1 of 5 | The two-dose COVID-19 vaccines from Moderna and Pfizer-BioNTech offer less protection against infection for older adults and those with chronic conditions, but still are effective in most cases, according to a new study. File photo by Debbie Hill/UPI | License Photo
Dec. 20 (UPI) -- The Moderna and Pfizer BioNTech COVID-19 vaccines are less effective at protecting older, less healthy adults against infection than they are for younger, healthier recipients, a study published Monday by the Annals of Internal Medicine found.
However, they still prevent severe illness and death from the virus in the majority of older recipients, the data showed.
Seniors who were fully vaccinated with either of the two-dose shots had 69% protection against infection within seven days of their last inoculation, lower than the roughly 90% figure reported in earlier studies, the researchers said.
Still, the vaccines provided 86% protection against death from the virus up to three months after receipt of the second dose, according to the researchers.
"Vaccine effectiveness against infection is only around 69% during longer follow-up after vaccination in an elderly population, which is much lower than vaccine effectiveness levels previously reported," study co-author Dr. George Ioannou told UPI in a text message.
"To me this means two things: First, we have to strive to achieve even higher levels of vaccination in the population and, second, even with high levels of vaccination, additional infection mitigation efforts remain necessary," said Ioannou, a professor of gastroenterology at the University of Washington.
In clinical trials, the Moderna and Pfizer-BioNTech vaccines were found to offer at least 90% protection against symptomatic illness from COVID-19.
Made with similar formulations, both require two doses for maximum protection, according to the Centers for Disease Control and Prevention, and the agency now recommends booster doses six months or more after the second shot.
For this study, Ioannou and his colleagues at the Veterans Affairs Puget Sound Health Care System assessed the COVID-19 infection and death rates among about 2.1 million U.S. military veterans who received at least one dose of either of the two-shot vaccines Dec. 11 and March 25.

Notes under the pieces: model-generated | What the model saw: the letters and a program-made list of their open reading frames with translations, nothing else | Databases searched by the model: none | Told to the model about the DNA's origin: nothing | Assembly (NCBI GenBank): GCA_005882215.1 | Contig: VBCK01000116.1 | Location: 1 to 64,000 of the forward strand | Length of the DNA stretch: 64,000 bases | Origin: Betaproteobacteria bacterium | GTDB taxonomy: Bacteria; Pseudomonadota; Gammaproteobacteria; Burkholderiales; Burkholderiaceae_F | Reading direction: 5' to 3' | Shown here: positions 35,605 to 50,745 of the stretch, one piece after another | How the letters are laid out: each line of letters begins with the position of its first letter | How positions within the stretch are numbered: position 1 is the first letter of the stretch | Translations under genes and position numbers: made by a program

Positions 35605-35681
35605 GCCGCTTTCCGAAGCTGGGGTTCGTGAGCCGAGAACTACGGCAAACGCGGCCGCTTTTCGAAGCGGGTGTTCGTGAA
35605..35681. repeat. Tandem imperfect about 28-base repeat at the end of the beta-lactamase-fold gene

They then compared the data to those for roughly the same number of unvaccinated veterans, they said.
Study participants were tracked through June 30, by which point the more contagious and lethal Delta variant was the predominant one in the United States, according to the CDC.
Just over 92% of the study participants were men, and most were ages 65 and 79 years and either overweight or severely overweight, or obese, the researchers said.
Roughly one-third of the participants had diabetes, while12% had chronic kidney disease, 5% had severe heart disease and 15% had chronic obstructive pulmonary disorder, the data showed.
All of these chronic health conditions place people with them at greater risk for serious illness from COVID-19, according to the CDC.
The two two-dose vaccinates offered 75% protection against protection against infection among participants ages 18 to 64 years, and 72% among those ages 65 to 74 years, the data showed.
However, after two shots, participants age 75 years and older had 61% protection against infection, while those with two or more chronic health conditions also had less than 70% protection, the researchers said.
The vaccines offered up to 89% protection from death due to COVID-19 across all age groups, but were slightly less effective in those with two or more chronic health conditions, they said.
The vaccine effectiveness was measured after the Delta variant emerged, but before the potentially more contagious Omicron strain started to spread nationally, according to the researchers.
These findings suggest that protection against infection from COVID-19, even among vaccinated individuals, will require continued attention to additional prevention measures such as masking and social distancing, even with vaccination, they said.
"The emergence of the Alpha, then Delta and now Omicron variants demonstrates that the only constant thing about the COVID-19 pandemic is that it is constantly changing," Ioannou said.
"New variants tend to have higher transmissibility, and therefore, we will need to continue to emphasize masking, physical distancing, screening and contact tracing, including among vaccinated persons," he said.